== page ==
Among the many ills plaguing the Indian judiciary, the poor infrastructure in courts is an important and pressing one that needs to be fixed urgently. Improving infrastructure in courts is a key component of the larger reforms to ensure speedy and efficient delivery of justice. The pathetic state of affairs of judicial infrastructure in the country can be gauged from the fact that nearly half of the court complexes have no purified drinking water facility; only 5% of court complexes have basic medical facilities; only 32% of courtrooms have separate record rooms; only 51% of court complexes have a library; only 27% of courtrooms have computer placed on the Judge’s dais with video-conferencing facility and over 26% of court complexes do not have separate toilets for women. Many courts still operate from dilapidated structures as improving judicial infrastructure has never been on the priority list of the successive Central governments since independence. The Chief Justice of India N V Ramana has rightly pointed out that since the British left the country, the maintenance of judicial infrastructure was being carried out in an ad-hoc and unplanned manner. The Centre must ponder over the issues flagged by the CJI and implement the proposal made by him to establish the National Judicial Infrastructure Authority of India (NJIAI), with statutory backing, to help build modern and self-sufficient courts in India. Such a body will help bring uniformity and standardisation in judicial infrastructure. The judicial infrastructure is a necessary component of justice delivery and its inadequacy adversely affects not just litigants and advocates, but also the judges and the quality of judicial work.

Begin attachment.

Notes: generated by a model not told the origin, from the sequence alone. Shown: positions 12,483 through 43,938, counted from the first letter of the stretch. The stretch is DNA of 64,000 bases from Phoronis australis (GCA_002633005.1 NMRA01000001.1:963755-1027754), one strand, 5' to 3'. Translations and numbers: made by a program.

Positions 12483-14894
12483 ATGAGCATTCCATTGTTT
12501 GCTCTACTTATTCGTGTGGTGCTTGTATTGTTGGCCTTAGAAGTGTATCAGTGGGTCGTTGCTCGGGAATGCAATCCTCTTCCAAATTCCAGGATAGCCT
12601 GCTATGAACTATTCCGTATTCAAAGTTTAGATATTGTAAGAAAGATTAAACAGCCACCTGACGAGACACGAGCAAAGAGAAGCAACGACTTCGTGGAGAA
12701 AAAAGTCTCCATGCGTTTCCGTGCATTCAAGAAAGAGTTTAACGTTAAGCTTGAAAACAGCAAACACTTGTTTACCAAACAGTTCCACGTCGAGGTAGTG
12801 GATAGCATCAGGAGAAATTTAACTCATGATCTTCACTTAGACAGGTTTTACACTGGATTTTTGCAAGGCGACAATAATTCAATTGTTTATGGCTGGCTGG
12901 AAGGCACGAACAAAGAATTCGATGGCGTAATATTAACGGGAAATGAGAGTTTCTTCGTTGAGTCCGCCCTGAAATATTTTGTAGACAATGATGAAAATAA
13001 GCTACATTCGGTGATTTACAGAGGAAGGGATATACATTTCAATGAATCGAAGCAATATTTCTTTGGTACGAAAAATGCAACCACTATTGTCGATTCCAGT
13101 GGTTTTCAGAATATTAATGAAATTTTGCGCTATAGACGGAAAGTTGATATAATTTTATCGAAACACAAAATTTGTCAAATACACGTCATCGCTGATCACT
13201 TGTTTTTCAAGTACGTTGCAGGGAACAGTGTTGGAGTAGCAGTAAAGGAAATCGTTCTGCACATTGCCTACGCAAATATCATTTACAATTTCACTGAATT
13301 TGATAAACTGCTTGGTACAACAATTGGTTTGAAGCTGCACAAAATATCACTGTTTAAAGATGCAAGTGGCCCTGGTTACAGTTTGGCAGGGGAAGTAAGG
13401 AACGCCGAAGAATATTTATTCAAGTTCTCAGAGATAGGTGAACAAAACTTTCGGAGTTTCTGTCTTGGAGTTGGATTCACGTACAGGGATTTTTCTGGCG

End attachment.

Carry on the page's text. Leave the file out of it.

The issues of pendency, delays and backlogs can be tackled to a large extent by strengthening the physical, digital, and human infrastructure of the courts. Massive pendency of cases in courts across India has not only hampered the administration of justice over decades but also become a source of friction between judiciary and executive in the past. According to international research published in 2018, failure to deliver timely justice cost the country as much as 9% of the annual GDP. The implementation of a Central government scheme for the development of infrastructure facilities for the judiciary, in operation since 1993-94, has been marred by poor coordination among different departments. While all other sectors have adopted modern communication technologies to improve efficiency and speed up delivery processes, the judiciary has been excruciatingly slow in embracing change. Apart from improving physical infrastructure, there is a need to expand digital connectivity for speedy and hassle-free delivery of justice. The application of information technology must become one of the key elements of the judicial reforms in a country which has over three crore pending cases at various levels.